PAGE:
Testing the Easter program—part 2

FAQ on the testing code

You might have some questions upon seeing the tests I wrote for my Easter program (I include these tests for reference at the end of this post).

There are only seven tests. Are they enough?

Maybe. To be exhaustive we’d need to write 5.7 million tests (Easter dates repeat after that, or so they say), and most models have infinite cases. Normally what we do is try to catch the edge cases and get going. At some point we may discover a bug in another edge case, so we add another test. And so the story goes.

How do you find the expected result? How do you know that on 1598 the Easter was on 22 March?

In this particular case I used another Easter program (ncal) that I believe to be correct. The person who writes the first such program needs to test it by manually implementing the Church’s method to determine the expected results.

If your model is novel and you have nothing to compare it to, the best way to test the code is to have your associate solve the test case by hand, or in Excel, or in some other way, and sit down together to work out any differences between his results and your results. While this is time consuming, it’s exciting work, and you will have a rewarding feeling of trusting your code (and your model) when you’re done.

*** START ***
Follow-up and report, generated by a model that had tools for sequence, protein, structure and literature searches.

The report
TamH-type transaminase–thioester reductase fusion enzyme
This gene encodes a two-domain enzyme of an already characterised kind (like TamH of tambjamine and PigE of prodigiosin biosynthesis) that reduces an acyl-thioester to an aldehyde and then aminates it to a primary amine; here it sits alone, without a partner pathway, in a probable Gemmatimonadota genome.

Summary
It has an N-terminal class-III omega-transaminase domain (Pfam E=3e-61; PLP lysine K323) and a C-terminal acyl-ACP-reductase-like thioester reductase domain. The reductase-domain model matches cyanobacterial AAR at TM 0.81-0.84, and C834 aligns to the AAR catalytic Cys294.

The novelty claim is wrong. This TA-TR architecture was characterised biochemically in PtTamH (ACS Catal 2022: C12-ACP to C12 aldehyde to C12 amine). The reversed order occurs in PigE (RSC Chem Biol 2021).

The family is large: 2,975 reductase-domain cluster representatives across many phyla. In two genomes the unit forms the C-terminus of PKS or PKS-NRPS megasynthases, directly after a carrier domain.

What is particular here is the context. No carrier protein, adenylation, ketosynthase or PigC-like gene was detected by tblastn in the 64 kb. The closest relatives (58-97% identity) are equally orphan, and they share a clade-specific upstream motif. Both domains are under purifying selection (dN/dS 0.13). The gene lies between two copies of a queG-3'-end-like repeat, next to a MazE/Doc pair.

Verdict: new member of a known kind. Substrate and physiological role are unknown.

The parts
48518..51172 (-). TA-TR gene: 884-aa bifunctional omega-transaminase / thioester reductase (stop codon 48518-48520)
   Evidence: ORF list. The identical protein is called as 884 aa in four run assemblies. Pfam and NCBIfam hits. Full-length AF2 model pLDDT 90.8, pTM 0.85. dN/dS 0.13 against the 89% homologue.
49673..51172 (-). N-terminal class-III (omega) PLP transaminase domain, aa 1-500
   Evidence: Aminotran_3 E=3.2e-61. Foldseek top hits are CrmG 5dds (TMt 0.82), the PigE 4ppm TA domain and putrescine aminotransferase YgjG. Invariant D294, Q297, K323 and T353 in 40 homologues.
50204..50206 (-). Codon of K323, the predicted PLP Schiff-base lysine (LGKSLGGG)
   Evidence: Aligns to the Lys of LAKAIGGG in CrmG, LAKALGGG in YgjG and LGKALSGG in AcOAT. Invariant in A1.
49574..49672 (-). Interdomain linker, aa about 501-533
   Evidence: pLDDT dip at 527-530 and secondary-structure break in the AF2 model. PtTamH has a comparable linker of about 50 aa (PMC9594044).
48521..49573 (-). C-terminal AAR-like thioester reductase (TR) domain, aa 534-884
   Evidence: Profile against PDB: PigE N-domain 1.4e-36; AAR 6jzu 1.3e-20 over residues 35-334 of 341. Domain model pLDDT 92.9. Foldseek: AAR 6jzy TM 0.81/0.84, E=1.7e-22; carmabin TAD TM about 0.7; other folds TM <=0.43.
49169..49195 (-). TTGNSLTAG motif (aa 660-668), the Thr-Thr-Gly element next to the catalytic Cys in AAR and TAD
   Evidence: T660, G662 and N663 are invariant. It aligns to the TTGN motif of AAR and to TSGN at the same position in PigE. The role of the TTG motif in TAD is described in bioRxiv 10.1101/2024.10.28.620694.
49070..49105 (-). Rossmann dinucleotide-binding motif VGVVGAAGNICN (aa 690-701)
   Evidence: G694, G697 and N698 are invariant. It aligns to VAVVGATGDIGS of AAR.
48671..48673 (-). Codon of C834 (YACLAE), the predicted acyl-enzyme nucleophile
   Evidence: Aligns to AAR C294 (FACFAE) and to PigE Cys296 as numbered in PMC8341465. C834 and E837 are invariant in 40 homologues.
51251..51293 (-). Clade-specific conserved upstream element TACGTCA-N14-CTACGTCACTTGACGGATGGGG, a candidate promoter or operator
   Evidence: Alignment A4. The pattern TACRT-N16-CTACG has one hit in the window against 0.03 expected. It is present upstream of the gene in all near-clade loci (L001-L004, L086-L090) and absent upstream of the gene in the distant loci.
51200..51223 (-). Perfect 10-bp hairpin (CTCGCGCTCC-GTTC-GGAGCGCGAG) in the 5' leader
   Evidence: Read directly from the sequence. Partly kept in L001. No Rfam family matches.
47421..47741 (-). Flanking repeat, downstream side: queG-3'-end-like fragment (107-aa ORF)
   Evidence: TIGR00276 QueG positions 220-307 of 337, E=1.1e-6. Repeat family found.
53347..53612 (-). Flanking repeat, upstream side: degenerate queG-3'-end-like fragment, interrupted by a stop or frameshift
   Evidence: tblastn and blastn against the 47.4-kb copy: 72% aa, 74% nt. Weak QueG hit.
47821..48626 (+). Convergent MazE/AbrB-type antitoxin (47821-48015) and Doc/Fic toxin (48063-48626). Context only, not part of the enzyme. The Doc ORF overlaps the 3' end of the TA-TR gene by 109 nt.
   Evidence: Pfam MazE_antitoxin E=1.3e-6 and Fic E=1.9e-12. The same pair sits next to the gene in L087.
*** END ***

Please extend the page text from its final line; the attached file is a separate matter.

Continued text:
Finally, if you have code without automated tests, but you have used it for years and trust it, you can use it to solve the test cases and assume they’re correct. This is useful if you want to refactor the code but are afraid you might break something.

The testing code looks very verbose. Wouldn’t it have been better to create a table of expected results and loop over it to check?

In general no. Tests must be dead simple, without loops or ifs.

In this particular case, I think creating a table and a loop would have made sense. But in the thousands of tests I’ve written, I don’t recall ever having done anything like this. If I had shown you a table, it would have been hard to convince you that this is only a rare exception. I thus wrote the tests in the normal way.

test('earliest possible date', () => {
  expect(getEasterDate(1598)).toEqual([3, 22]);

test('latest possible date', () => {
  expect(getEasterDate(1666)).toEqual([4, 25]);

test('19 April special case where d = 29 and e = 6', () => {
  expect(getEasterDate(1609)).toEqual([4, 19]);

test('non-special 19 April', () => {
  expect(getEasterDate(1615)).toEqual([4, 19]);

test('18 April special case where d = 28 and e = 6 and more', () => {
  expect(getEasterDate(1954)).toEqual([4, 18]);

test('non-special 18 April', () => {
  expect(getEasterDate(1965)).toEqual([4, 18]);

test('correct p', () => {
  expect(getEasterDate(4200)).toEqual([4, 20]);